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Hello Porsche experts, I recently purchased a used 911 Carerra, 2003 and had the fuel pump fail.  So I looked around in Orange County to find a Porsche mechanic and ended up taking it to Hergesheimer.  They replaced the fuel pump but a few days latter I experienced something very troubling.  The car would start but idle was somewhat rough.  Revving the engine was a challenge in the lower RPM 1000-3000 then it became a bit smoother when driving with load on the engine in the 3000-4000 RPM range.  Alarmed by this I called the shop to bring the car in, but this was the day before the Rennsport Reunion in Laguna Seca so I dropped by another mechanic who brought up these error codes on a generic diagnostics tool:
 
P0134 Sensor Circuit No Activity Detected (Bank I Sensor 1)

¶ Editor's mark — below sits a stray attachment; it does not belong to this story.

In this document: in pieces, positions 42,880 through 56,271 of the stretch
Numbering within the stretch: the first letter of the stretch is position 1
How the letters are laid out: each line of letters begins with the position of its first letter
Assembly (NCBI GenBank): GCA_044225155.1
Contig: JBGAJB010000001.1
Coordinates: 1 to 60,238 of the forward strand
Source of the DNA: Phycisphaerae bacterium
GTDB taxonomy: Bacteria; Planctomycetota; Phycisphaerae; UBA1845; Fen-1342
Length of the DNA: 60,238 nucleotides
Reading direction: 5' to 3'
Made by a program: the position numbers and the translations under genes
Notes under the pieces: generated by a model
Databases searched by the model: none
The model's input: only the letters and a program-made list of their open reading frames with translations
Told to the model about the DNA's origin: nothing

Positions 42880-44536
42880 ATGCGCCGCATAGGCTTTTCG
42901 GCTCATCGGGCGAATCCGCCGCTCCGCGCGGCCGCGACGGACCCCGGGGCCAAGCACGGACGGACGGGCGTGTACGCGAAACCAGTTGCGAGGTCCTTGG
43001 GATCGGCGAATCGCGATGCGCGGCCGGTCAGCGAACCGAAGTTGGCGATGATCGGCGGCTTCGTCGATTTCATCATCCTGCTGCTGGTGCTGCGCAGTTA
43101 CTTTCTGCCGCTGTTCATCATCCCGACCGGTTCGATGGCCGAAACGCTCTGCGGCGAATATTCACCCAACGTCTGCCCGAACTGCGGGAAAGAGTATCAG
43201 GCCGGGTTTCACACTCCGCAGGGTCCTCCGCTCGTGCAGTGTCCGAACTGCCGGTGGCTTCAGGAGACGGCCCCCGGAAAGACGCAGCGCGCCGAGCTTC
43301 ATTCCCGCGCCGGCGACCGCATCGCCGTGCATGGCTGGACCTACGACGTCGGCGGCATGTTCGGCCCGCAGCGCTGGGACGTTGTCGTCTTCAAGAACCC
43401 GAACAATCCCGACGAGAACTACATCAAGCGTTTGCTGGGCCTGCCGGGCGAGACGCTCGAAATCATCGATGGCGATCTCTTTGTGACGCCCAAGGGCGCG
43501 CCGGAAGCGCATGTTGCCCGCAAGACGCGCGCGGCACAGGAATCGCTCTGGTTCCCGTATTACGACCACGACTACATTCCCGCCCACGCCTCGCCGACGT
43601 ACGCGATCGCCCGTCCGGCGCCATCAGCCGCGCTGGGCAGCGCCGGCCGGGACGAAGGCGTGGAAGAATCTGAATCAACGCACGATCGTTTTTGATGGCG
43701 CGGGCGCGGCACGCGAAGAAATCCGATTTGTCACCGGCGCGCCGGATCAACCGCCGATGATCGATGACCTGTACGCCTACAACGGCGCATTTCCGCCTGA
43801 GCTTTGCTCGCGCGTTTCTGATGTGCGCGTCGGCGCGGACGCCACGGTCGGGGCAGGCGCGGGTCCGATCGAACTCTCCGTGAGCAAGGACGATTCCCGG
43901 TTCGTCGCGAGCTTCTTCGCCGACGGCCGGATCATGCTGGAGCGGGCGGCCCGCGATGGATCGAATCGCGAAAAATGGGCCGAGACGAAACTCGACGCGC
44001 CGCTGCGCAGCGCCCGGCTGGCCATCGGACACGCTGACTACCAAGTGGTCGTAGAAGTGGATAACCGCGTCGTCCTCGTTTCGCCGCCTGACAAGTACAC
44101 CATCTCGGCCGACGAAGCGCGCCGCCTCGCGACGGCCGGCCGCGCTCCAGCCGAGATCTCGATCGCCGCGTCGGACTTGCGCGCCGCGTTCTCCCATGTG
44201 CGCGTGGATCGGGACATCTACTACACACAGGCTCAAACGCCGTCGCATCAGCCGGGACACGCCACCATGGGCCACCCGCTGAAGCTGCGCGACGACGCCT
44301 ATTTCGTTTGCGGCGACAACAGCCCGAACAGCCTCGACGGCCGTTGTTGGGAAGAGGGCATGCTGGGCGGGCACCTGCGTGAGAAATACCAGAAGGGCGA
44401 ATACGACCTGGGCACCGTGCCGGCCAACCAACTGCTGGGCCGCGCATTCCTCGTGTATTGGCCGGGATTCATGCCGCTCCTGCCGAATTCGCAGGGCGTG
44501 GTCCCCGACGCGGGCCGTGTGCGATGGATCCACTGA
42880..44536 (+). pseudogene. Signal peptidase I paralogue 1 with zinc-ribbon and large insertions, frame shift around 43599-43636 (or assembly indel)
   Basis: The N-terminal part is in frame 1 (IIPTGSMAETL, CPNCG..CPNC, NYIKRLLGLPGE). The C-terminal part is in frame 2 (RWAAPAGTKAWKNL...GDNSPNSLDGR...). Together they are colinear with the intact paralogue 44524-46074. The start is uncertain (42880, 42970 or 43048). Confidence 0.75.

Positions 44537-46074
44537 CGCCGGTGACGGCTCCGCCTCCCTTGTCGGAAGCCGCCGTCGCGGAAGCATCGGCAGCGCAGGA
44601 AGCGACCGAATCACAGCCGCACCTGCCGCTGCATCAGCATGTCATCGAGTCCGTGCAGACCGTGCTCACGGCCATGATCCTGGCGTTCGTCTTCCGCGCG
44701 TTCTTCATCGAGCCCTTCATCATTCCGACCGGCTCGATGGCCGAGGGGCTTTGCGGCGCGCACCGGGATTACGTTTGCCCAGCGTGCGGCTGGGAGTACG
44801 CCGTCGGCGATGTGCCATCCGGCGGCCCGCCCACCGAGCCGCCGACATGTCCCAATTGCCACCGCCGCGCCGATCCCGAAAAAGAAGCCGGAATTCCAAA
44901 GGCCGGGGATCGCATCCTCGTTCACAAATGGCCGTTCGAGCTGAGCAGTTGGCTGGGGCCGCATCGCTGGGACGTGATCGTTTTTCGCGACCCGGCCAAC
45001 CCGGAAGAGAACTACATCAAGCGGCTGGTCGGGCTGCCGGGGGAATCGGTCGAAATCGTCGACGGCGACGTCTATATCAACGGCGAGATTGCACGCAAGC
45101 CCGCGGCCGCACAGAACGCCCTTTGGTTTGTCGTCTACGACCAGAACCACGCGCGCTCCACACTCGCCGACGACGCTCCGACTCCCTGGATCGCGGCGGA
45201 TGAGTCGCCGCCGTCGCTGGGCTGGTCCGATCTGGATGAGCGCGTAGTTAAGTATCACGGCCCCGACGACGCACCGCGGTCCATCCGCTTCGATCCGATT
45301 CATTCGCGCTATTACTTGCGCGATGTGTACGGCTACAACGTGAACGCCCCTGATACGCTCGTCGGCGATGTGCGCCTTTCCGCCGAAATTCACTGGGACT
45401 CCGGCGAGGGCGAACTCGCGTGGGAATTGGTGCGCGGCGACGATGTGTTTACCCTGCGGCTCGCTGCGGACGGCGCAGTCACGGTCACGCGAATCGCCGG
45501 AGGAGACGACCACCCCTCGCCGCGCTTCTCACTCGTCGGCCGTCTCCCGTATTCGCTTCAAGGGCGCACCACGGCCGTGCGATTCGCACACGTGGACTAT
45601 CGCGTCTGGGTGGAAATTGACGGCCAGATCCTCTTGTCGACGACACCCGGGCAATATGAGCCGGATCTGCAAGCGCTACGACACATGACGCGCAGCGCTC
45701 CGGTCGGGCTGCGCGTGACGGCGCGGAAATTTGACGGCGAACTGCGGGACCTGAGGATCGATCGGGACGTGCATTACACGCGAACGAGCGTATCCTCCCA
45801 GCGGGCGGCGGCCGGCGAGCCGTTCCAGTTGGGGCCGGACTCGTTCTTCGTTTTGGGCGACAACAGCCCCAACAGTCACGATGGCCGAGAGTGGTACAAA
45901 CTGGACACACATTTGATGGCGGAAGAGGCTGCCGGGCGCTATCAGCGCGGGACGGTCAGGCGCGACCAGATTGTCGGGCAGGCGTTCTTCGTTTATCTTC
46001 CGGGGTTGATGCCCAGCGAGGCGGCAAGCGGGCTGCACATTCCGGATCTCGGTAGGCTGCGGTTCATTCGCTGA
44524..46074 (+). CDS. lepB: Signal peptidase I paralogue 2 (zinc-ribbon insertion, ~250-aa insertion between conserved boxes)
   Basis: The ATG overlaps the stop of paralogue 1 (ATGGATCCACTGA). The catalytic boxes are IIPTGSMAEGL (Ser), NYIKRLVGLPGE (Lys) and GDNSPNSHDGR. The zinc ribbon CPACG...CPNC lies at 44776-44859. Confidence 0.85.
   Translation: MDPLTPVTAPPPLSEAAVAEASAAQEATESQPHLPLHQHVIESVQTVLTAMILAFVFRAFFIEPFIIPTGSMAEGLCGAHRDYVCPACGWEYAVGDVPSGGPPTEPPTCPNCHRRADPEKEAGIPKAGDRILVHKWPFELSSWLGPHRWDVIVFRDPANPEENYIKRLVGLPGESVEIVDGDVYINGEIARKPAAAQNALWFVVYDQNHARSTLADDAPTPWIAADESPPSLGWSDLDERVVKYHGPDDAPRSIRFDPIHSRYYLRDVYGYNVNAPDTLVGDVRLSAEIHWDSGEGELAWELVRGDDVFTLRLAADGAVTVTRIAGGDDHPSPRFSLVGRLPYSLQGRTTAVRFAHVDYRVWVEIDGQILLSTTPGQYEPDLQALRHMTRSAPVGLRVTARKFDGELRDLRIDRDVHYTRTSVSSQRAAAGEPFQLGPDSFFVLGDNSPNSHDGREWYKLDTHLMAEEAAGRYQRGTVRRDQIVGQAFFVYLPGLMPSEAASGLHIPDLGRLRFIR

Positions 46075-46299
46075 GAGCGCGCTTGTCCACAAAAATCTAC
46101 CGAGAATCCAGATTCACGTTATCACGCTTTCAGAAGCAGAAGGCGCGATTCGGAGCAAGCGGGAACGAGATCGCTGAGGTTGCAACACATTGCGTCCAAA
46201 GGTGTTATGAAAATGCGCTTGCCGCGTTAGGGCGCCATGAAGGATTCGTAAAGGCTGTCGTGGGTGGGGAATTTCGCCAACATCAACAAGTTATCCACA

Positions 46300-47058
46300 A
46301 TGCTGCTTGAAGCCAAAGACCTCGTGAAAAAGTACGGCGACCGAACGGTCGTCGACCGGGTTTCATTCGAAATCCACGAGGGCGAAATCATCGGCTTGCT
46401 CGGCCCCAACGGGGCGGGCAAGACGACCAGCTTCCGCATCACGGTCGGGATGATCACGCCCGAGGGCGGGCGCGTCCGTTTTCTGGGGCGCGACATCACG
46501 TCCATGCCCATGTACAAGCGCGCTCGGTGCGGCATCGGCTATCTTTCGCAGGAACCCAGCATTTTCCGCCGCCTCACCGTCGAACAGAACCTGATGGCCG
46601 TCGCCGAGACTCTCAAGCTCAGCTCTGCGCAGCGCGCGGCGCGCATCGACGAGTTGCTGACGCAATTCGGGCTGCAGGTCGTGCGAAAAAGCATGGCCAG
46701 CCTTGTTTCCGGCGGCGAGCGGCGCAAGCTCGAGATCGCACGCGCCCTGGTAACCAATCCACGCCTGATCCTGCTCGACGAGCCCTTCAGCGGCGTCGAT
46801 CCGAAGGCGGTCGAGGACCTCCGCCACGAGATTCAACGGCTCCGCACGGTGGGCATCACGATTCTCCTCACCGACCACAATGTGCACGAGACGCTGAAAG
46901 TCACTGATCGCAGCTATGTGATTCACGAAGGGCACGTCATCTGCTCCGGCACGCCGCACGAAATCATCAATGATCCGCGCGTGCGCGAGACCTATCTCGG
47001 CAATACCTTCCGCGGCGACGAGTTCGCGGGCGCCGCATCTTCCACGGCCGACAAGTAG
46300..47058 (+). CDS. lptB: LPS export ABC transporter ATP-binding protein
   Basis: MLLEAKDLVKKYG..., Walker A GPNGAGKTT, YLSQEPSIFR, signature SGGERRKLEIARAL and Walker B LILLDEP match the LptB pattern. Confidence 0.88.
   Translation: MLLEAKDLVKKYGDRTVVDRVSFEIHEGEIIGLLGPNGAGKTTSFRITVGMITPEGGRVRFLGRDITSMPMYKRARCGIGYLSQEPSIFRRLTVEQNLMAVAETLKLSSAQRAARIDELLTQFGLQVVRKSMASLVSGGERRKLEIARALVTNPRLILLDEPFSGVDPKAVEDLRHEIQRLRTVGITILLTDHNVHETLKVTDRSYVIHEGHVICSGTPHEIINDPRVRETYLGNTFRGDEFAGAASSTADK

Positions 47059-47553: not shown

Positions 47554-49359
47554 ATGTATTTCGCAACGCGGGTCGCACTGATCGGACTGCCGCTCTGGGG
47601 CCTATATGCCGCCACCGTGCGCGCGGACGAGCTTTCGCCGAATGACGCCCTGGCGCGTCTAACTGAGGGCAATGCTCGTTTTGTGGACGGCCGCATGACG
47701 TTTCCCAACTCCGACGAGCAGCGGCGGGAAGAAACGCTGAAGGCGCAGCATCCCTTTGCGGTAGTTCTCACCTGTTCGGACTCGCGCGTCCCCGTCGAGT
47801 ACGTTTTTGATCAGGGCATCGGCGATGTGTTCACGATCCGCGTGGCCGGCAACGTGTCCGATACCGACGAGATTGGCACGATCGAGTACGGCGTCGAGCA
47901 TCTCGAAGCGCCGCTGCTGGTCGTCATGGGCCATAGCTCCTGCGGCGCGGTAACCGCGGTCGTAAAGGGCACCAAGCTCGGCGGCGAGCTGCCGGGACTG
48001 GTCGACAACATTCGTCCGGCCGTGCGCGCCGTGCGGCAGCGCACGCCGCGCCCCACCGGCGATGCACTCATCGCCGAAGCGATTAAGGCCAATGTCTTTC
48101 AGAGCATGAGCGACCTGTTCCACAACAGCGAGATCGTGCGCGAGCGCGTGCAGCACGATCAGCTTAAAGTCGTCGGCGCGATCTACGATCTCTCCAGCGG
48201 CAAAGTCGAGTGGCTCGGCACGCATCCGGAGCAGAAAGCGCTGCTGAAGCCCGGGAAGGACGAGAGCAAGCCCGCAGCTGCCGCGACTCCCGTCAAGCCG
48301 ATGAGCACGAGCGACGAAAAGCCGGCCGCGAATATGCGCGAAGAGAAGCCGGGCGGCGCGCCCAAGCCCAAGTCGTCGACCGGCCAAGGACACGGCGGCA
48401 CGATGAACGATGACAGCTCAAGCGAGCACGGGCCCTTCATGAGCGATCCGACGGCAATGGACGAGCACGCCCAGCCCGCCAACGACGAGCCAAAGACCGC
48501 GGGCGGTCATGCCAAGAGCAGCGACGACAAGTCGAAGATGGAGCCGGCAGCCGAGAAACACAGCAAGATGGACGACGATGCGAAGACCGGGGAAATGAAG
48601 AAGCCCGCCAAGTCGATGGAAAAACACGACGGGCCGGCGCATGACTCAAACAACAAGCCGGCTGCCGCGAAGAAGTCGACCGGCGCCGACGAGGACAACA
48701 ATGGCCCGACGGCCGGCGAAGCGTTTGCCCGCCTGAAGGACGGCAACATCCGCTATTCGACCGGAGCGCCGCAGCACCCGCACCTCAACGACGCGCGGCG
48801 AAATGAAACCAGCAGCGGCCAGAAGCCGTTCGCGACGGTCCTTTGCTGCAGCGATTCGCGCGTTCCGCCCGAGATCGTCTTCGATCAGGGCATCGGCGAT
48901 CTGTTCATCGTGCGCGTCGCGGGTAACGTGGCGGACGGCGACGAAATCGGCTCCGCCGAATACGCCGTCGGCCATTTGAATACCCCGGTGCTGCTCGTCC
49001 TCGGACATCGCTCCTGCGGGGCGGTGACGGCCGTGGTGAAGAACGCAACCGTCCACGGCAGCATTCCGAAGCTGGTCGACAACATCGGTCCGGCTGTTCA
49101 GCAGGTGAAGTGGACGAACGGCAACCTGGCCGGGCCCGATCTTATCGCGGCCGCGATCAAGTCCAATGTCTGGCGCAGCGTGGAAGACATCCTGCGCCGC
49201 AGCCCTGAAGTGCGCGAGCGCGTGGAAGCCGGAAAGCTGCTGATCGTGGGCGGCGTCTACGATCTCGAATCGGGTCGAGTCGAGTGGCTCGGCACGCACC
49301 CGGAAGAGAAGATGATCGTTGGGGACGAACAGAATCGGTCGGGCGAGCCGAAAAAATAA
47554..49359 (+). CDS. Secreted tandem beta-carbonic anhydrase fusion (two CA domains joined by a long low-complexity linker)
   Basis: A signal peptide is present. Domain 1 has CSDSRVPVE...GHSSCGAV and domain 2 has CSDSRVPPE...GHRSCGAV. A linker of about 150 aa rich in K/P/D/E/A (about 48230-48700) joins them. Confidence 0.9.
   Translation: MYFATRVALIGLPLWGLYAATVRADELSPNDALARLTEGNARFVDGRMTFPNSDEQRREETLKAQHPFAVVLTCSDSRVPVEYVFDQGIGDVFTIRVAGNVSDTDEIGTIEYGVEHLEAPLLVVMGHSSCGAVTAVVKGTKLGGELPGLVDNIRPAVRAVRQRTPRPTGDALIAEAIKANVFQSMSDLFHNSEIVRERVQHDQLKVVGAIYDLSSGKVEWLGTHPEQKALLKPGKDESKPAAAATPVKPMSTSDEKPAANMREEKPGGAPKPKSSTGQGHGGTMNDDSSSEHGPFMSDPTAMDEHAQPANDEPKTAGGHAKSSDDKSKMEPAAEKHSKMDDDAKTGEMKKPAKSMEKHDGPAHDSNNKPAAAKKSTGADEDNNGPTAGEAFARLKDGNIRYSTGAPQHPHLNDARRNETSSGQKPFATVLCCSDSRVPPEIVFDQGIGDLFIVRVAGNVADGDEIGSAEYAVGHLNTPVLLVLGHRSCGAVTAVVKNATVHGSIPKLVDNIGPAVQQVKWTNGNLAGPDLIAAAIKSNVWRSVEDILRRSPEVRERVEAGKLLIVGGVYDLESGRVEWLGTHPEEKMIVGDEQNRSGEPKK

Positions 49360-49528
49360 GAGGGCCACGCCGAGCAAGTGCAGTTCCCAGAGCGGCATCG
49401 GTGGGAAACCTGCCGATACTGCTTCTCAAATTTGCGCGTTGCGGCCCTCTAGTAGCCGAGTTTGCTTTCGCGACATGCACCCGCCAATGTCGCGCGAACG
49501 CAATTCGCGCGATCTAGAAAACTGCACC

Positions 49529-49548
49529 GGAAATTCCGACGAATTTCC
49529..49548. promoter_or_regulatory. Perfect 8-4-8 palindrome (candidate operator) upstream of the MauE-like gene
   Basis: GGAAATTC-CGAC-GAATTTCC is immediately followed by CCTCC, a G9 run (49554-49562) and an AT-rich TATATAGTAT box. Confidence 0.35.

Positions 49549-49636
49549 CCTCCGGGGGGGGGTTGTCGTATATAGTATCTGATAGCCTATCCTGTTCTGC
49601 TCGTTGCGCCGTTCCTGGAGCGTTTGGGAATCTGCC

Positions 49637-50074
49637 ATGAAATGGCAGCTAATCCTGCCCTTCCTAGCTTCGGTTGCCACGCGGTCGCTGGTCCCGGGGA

P0101 Mass Airflow Sensor / Circuit range issue Performance problem
P0154 O2 Sensor no activity detected (Bank 2 post CAT )
P2098 Post Catalyst Fuel Trim System Too Lean Bank 2
P2096 O2 Sensor no activity detected Post Catalyst Fuel Trim System Too Lean (Bank 1)
P0156 O2 sensor circuit malfunction (Bank 2 Sensor 2 post CAT)
 
 
Initially I thought this was related to the fuel pump replacement. So I called the shop who did the work and they said bring it over.  Their analysis identified similar codes and they suggested a few hours to review the harness and sensors in order to asses the problem.  A week later i am still trying to resolve this and wondered if I should replace the O2 sensors myself.
 
I have done brakes and other minor maintenance.  What is the opinion of the forum here on next steps?  I can provide further detail 
 

 

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0134 - Bank 1 precat sensor (no activity detected)